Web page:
Biggest difference between full tower and mid tower is the size, but because full tower is bigger, it has better cooling.


I like your suggestion. Would the speed in the ram really make much of a difference? Because, I've seen people say to never go lower than 1600.
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February 14, 2012 11:35:38 PM

kajabla said:
Additions to the above, which is good:
-Don't worry about full tower vs. mid tower. I doubt you'll see more than a couple of degrees of difference.
-If you can find it at a physical Microcenter, the 2500K's $180!
-Get a motherboard and PSU that can handle 7950 Xfire. That's a $120 ASRock Z68 Extreme3 and a $75 OCZ 750W.
Crossfire is the easiest upgrade you can do, and you won't regret the slight extra expense in a couple of years.

I really would like to see an SSD in here. It's a tough call between that and the 7950, which is a great card. It depends what you want: do you want fast boot and level-loading times, or is the wait every time you want to do something worth the excellent gaming performance?


It's a tough choice
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February 14, 2012 11:57:31 PM

On the one hand, the RAM speed shouldn't really make a noticeable difference. On the other, you can easily find 1600mhz sets for $40. On the third hand, using RAM faster than 1333mhz voids the warranty on SB chips, which is lame but shouldn't actually matter.
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February 15, 2012 12:22:04 AM

Technically going over 1.5v and over DDR3 1333 does void the CPU warranty with Sandy Bridge processors. These processors have the memory controller built into the processor itself.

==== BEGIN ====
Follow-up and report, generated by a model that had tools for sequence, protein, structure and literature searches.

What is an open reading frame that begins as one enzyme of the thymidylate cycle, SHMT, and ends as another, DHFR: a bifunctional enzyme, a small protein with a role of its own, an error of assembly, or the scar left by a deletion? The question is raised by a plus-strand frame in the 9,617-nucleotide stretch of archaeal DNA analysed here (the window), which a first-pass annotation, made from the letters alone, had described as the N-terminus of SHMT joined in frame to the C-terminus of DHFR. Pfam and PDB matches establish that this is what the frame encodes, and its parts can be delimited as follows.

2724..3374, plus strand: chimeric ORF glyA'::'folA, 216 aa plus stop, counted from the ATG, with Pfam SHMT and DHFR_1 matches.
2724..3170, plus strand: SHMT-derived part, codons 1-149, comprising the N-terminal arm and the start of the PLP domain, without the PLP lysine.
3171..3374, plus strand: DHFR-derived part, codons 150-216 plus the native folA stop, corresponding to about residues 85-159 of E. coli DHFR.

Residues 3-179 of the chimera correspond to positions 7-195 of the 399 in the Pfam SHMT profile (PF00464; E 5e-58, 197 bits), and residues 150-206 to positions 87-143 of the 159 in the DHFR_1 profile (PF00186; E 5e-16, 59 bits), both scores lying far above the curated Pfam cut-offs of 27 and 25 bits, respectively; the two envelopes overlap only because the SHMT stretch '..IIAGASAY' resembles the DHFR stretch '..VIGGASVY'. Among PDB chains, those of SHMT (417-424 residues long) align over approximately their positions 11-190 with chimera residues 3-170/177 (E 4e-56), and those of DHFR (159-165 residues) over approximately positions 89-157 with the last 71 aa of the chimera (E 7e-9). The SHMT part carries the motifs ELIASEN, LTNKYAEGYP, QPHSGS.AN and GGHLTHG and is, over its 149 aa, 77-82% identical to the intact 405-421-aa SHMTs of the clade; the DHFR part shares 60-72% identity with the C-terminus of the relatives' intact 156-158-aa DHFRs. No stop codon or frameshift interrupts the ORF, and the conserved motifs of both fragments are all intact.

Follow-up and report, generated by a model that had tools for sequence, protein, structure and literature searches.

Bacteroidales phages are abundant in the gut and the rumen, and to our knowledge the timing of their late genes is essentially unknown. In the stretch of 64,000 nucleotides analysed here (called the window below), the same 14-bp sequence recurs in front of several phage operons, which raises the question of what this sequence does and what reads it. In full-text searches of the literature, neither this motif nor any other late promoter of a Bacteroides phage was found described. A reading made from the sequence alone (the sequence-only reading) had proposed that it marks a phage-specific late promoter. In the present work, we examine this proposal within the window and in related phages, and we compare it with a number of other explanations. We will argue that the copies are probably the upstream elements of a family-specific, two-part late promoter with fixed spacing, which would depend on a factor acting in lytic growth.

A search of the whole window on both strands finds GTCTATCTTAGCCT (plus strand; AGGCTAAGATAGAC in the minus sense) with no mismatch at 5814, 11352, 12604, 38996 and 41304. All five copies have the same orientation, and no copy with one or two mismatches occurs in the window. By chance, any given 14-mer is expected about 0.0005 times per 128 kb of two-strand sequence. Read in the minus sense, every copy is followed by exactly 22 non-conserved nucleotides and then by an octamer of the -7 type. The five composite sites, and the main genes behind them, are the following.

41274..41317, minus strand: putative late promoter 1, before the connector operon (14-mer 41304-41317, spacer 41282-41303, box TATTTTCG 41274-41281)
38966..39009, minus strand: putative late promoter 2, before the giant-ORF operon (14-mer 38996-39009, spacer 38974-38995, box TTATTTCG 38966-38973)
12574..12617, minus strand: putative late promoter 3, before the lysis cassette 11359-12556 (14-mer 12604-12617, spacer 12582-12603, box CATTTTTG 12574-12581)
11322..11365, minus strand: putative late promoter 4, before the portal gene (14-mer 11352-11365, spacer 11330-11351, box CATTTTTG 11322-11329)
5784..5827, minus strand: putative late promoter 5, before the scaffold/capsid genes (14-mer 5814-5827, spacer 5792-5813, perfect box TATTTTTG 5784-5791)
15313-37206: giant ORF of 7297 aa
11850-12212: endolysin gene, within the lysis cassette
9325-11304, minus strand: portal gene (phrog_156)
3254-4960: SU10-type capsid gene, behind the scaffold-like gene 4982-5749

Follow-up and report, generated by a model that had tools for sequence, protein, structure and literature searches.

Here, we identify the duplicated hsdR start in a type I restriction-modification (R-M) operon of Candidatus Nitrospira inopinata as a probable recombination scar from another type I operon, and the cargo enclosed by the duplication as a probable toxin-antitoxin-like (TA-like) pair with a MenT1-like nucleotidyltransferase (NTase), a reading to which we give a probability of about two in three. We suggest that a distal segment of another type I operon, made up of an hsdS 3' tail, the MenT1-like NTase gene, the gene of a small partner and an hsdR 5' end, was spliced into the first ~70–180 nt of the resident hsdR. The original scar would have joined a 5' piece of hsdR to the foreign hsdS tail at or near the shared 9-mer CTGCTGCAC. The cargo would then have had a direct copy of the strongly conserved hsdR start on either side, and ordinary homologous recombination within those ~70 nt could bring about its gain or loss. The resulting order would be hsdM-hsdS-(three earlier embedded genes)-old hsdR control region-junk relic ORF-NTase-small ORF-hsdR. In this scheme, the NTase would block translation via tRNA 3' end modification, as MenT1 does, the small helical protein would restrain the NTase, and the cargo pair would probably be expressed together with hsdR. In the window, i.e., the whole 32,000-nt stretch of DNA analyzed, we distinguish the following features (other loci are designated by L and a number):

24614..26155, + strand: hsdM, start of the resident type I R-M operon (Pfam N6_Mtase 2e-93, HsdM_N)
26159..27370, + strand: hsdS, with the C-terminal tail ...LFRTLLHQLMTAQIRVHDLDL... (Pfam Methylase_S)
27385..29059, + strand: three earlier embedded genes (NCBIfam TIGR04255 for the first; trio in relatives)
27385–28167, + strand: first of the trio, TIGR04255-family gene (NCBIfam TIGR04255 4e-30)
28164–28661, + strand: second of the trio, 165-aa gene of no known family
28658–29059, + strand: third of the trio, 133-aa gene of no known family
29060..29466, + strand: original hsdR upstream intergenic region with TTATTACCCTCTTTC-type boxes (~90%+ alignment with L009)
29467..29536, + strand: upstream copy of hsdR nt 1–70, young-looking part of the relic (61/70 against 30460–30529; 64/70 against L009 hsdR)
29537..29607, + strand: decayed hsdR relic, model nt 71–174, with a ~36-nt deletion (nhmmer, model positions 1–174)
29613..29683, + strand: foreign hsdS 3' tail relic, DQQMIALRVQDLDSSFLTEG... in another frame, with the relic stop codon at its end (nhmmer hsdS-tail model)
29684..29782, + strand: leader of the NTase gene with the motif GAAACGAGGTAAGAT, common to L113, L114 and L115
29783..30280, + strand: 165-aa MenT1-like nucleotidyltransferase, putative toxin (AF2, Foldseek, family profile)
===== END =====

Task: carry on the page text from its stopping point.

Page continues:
All the benchmarking I have seen shows 1.5v DDR3 1600 cas 9 to be the best pairing with a Sandy system as far as speed goes. I would not go over the 1.5v for sure, but DDR3 1600 shows a decent boost over running DDR3 1333 and I have run DDR3 1600 for over a year on my 2600K with no problems. So I still recommend DDR3 1600 but since I found out about Intel not honoring warrantied due to the RAM I try and tell people who are asking for advice.

So, if you want to run optimal RAM and not worry about damaging your processor either with overclocking or pretty much anything else Intel is offering what they call a tuning plan. This basically gives you one, no questions asked replacement processor if you fry yours. Its $20 for 3 years with the 2500K. Worth checking out.

http://click.intel.com/tuningplan/


I am a big fan of full tower cases. I usually have 4 or 5 hard drives in my computer so it helps as far as that is concerned but it also makes cable management easier. I have an Antec 1200 and love it. I am also a big fan of the Antec DF85. Many people get great results with the Coolermaster Haf 932/Haf X as well.
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February 15, 2012 12:24:12 AM

Also note that you're not going to fry your 2500K if you don't mess with overvoltage, so the tuning plan would be nothing but reassurance.